First stop on our magical castle tour was the region of Westphalia. Home to Roman ruins, Medieval ruins and chocolate, Cologne was a fabulous place to start heading back to the future. Although our first stop in Cologne should have been the chocolate factory, we went first to the Cologne Cathedral to check the cultural and architectural box off the itinerary for the day. After a long walk through old Cologne, including a Roman excavation site in the middle of the city, we made our way to the Lindt chocolate museum and factory. Yum. Just for the record Danny attempted to eat his 5 euro entrance fee in free samples, as you can imagine he succeeded without a problem!
We arrived at Schlossburg castle, a medieval complex situated in the hills overlooking the Wupper River. With it’s dungeon still in tact (complete with some plastic skeletons!) and lots of armor, helmets and swords, the only thing missing from completing the perfect medieval castle look were a few knights. None were to be found, but we did find some criminals, who of course had to be locked up.
Schlossburg castle has been renovated and repaired, but many in the surrounding countryside haven’t been as lucky. The view over the Rhine at Schloss Drachenfels outside of Bonn, was spectacular. A long, steep uphill hike to the top, we couldn’t believe how dense the forests were despite being so close to a major city. From the hilltop and castle remains you can see the cathedral in Cologne nearly 30 kilometer’s away. Hiking through the woods back to the car, we seemed to be deep in an enchanted wood, that was until we saw the beer garden.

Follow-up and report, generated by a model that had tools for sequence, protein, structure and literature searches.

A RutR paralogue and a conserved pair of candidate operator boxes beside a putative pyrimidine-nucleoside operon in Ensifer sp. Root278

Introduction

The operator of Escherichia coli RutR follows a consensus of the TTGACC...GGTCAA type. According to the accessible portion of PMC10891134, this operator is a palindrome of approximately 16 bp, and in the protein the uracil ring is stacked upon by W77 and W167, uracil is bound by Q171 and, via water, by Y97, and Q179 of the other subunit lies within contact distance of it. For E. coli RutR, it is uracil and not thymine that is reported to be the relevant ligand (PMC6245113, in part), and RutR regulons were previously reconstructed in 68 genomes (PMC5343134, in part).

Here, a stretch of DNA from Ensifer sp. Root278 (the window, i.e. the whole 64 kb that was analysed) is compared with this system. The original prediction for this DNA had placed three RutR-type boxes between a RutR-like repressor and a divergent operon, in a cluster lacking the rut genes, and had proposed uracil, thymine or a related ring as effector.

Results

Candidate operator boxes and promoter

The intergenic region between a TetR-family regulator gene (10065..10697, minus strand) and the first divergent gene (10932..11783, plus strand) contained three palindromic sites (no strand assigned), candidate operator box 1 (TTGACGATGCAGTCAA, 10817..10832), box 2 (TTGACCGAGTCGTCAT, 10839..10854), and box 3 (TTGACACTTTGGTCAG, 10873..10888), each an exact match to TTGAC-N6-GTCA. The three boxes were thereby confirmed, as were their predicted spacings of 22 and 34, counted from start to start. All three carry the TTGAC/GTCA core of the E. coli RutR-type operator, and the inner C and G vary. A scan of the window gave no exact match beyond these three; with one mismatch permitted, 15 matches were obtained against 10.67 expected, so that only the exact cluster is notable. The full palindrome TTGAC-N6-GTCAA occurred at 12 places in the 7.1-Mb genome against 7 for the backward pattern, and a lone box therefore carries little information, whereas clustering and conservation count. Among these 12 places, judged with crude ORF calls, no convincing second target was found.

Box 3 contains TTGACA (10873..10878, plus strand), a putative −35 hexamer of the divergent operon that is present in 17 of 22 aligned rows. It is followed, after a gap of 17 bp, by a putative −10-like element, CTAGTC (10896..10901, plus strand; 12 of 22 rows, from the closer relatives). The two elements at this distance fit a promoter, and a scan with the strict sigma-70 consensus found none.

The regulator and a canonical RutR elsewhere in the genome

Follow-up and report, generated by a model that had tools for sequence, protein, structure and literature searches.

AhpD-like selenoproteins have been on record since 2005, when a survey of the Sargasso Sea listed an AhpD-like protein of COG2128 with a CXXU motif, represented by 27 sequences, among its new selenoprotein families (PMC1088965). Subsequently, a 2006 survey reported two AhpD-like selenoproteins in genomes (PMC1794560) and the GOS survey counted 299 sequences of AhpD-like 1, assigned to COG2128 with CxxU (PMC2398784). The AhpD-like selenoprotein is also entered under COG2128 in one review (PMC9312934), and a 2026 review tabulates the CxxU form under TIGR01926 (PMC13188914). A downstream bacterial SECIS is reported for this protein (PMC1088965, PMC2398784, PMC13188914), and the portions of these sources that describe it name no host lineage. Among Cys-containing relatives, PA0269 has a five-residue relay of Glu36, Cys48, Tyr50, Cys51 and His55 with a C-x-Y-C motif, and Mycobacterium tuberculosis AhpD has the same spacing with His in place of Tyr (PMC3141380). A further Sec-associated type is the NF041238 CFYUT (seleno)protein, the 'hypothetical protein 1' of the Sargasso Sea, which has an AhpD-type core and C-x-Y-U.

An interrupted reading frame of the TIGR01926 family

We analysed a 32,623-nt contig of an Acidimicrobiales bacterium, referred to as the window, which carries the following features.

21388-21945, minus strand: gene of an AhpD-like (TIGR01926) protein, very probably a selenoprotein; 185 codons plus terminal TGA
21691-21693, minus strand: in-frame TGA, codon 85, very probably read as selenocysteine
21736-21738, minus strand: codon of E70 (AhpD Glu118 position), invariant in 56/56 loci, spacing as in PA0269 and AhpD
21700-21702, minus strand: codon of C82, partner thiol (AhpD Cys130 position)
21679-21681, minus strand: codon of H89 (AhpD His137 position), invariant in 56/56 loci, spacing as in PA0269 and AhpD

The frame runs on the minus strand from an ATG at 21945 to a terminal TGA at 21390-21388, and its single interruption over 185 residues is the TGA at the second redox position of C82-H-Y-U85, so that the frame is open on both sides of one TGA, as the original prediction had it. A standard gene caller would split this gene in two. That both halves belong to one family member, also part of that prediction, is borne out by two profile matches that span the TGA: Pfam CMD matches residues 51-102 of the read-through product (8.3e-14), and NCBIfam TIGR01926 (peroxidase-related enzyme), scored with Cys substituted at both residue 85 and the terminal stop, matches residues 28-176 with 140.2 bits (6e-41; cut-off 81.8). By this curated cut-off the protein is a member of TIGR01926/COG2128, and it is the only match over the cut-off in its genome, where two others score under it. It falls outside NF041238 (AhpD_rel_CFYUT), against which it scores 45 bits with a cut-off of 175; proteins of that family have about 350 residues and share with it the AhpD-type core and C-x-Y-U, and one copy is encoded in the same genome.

Perhaps the most famous castle in all of Germany is Neuschwanstein outside of Munich. Doesn’t sound familiar? You may know it better as Sleeping Beauty’s castle in Disney Land. (Danny’s Note: Not to be confused with Cinderella of Disney World fame.) Yes, that’s right, the King of Bavaria copied Walt Disney, or maybe it was the other way around. I wish I could continue the fairy tale and tell you how beautiful the castle was from the outside, how its an ancient site on a hill top, but only the hill top part would be true. Yes, the castle is beautiful, but it was raining the day we went and alas there were no Disney-worthy views to be had. And unfortunately for all you medieval history buffs, the castle was actually built in the late 19th Century by King Ludwig II, who by all accounts was rather eccentric. Upset that the medieval ages were over and he didn’t have the absolute power his forefathers had, King Ludwig II built himself a palace that can only be called…errr rather kitsch? The over the top Romanesque style reminds you of every fairy tale castle you’ve ever seen in a movie and while indeed it is beautiful, it was never really used as a castle nor is it old. Frankly its no different than if I had decided to build a castle in my hometown. Hmmmm… now there’s an option. The inside is beautifully decorated though, and the tour guides are rather dry, but amusing (imagine a hunchback named lurch from Transylvania and you’ll get the picture) which makes the castle interior tour well worth it.